- Hilt- Milan, Italy; blade- North Italy, possibly
- c. 1580 - c. 1620
- Iron or steel and gold, gilded and chiselled
- Length: 114.1 cm, blade
Width: 2.8 cm, blade, at top of the ricasso
Weight: 1.3 kg
Length: 131.4 cm
Balance point: 12.5 cm, forward of the guard block
Width: 18.2 cm, guard
- Inscription: '·A·S·H·S A·S·H·S A·S·H·S A'
Inscription: '·A·S·H·S A·S·H·S A·S·H·S A·S'
Inscription: 'CAINO' and a crown above
- European Armoury III
Images & Media
- Rapier, the very fine swept-hilt made up of a pommel of flattened cylindrical form, with button; oval, wire-bound grip; single curving rear quillon; knuckle-guard, joined by a loop to the hilt-arms, double ring-guards, and plain, gilt transverse guards on the inner side. The pommel is richly chiselled with figures in combat in high relief on a matt gilt ground, the sides with chains and flowers; the edges of the guards are chased and pierced to a chain design; the ends of the quillon and knuckle-guard are finished with oval disks chiselled with scrolled heads; the centres of the guards have panels of combats in relief, and the remaining surfaces are chased with strings of flowers. Blade of flattened hexagonal section, converging to diamond section towards the point, the single groove at the forte incised on one side with the letters:
∙A∙S∙H∙S A∙S∙H∙S A∙S∙H∙S A
and the other:
∙A∙S∙H∙S A∙S∙H∙S A∙S∙H∙S A∙S
The ricasso is incised with the place-name Caino and a crown. Caino blades generally bear, in addition to the name of the North Italian bladesmithing town itself, a crowned S or M/S. See rapiers A516, 559-60, 573, 649, but the inscription is not so boldly stamped. For series of unconnected letters on blades, see A597.
Exhibited: Musée Rétrospectif, 1865, No. 1846 (Nieuwerkerke). Basilewski sale, Fillet and Delange, Paris, 26 April 1869, lot 30, repr. in cat., ? 1510 fr. (marked catalogue in the Library of the Tower Armouries). Boccia, Rossi and Morin, Armi e armature Lombarde, 1980, pI. 261.
Illustrated by Vollon in his Curiosités of 1868 (Savill, 1980). A very similar hilt, but not apparently by the same hand, is in the Royal Armouries (no. IX.878; Dufty and Borg, 1974, pI. 26a). Boccia, Rossi and Morin describe the workmanship of the hilt of A608 as Milanese. For the suggestion that the subsidiary incised decoration is German see under A808.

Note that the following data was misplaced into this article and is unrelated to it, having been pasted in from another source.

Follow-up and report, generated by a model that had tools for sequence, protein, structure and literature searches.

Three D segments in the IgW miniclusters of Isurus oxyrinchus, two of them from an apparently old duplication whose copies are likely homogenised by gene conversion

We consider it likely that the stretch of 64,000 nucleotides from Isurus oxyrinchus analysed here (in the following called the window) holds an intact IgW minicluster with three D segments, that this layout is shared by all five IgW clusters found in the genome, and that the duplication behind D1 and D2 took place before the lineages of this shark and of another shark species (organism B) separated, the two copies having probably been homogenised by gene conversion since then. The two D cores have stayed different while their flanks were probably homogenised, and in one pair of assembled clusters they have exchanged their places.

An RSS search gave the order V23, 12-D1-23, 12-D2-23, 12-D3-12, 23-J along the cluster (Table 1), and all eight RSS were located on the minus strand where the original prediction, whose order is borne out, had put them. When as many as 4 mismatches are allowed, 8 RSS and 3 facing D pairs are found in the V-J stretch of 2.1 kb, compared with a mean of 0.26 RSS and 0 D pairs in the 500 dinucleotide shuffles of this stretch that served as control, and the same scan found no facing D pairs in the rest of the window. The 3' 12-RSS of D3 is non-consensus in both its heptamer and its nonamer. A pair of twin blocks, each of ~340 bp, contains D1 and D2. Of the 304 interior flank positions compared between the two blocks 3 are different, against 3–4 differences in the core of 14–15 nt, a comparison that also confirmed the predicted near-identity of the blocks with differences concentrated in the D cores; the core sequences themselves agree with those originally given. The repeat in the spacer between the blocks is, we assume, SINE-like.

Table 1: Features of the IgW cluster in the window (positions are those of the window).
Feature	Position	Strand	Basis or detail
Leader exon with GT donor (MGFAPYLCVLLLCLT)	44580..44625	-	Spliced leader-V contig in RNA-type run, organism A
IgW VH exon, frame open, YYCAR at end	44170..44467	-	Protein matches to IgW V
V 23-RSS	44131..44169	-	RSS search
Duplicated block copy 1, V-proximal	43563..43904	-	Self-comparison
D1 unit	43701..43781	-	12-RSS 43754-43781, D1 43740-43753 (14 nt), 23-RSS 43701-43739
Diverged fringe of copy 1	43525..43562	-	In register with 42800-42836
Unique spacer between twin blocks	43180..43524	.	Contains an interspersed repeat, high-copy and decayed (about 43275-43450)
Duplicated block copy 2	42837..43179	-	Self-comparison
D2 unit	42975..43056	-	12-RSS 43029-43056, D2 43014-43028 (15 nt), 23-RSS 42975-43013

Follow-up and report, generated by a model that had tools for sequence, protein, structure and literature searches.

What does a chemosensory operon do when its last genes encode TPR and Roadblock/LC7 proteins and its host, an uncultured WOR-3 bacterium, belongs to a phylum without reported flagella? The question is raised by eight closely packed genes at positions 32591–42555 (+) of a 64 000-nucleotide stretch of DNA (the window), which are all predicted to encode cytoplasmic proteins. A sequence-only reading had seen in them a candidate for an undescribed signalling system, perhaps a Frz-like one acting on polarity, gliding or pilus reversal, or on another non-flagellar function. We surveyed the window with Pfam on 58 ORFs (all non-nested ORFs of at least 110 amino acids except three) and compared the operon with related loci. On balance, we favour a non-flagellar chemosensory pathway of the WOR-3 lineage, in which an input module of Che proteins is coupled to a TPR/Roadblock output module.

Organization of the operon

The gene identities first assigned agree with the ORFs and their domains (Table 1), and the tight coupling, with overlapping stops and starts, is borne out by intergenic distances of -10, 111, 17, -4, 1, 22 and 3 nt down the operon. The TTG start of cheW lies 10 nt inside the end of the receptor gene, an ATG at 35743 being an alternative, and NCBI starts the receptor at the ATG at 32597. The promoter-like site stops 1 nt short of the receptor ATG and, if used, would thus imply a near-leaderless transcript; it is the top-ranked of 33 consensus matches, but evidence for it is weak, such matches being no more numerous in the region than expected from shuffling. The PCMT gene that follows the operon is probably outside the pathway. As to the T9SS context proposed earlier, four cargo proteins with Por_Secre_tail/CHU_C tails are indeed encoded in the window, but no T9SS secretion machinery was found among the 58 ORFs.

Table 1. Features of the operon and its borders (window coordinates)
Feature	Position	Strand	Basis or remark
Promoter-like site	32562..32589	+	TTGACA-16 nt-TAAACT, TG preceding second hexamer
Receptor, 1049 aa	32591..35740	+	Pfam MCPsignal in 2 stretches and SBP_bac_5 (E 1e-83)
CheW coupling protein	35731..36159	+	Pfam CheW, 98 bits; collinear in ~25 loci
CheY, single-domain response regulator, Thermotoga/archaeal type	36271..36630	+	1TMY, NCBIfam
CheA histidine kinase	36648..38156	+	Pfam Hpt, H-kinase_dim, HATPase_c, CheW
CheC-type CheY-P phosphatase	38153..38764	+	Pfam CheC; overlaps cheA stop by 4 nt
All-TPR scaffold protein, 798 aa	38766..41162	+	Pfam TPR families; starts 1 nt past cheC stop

Chains were a popular motif for the decoration of rapier hilts in the second half of the sixteenth century. The conceit, that an inherently flexible construct could be made inexplicably solid, attracts and captivates the eye. It implies a maker of exceptional skill and an owner of unusual, perhaps even avant-garde tastes. Rapiers of this type are so distinctive that modern scholars have in the past been tempted to attribute them to a particular school or master. Laking asserted that they were of French origin, connecting them with Claude Savigny, a maker and supplier of swords in Tours (documented 1578-95). However he offered no evidence for this proposal, nor did he note (though he illustrated examples of two of the three methods) that there were three very distinct techniques variously employed to create chain effects. The first, fashionable during the 1570s, involved the painstaking piercing and filing of the bars of the swept-hilt so that they appeared to be entirely made up of stout chain-links frozen into the desired shapes. It is likely that most, if not all hilts of this type are Italian . In the second (entirely different) method, actual chains fashioned out of very fine silver links were laid into channels cut into the hilt bars, or onto their edges. Of the three chain techniques, only this one has been seriously argued to be French. The third class of chain hilt, of which this is an excellent example, blends the metalworking technique of the first type with something of the visual effect of the second. Here only the edges of the hilt parts have been filed, pierced and chiselled to resemble chains framing the main parts of the guard. Between the chains are panels containing warriors in combat carved in relief, interspersed with fruit, scrolls, and masks, all of which have been placed against a fire-gilt background. The attribution of this hilt to North Italy is supported by the close similarity between it and other examples of Italian chiselled hilts. Both hilts feature horsemen treated in a very similar way, while such features as the small masks enclosed by pairs of scrolls above and below form secondary points of comparison. The few known hilts of this third type are all now considered to be North Italian.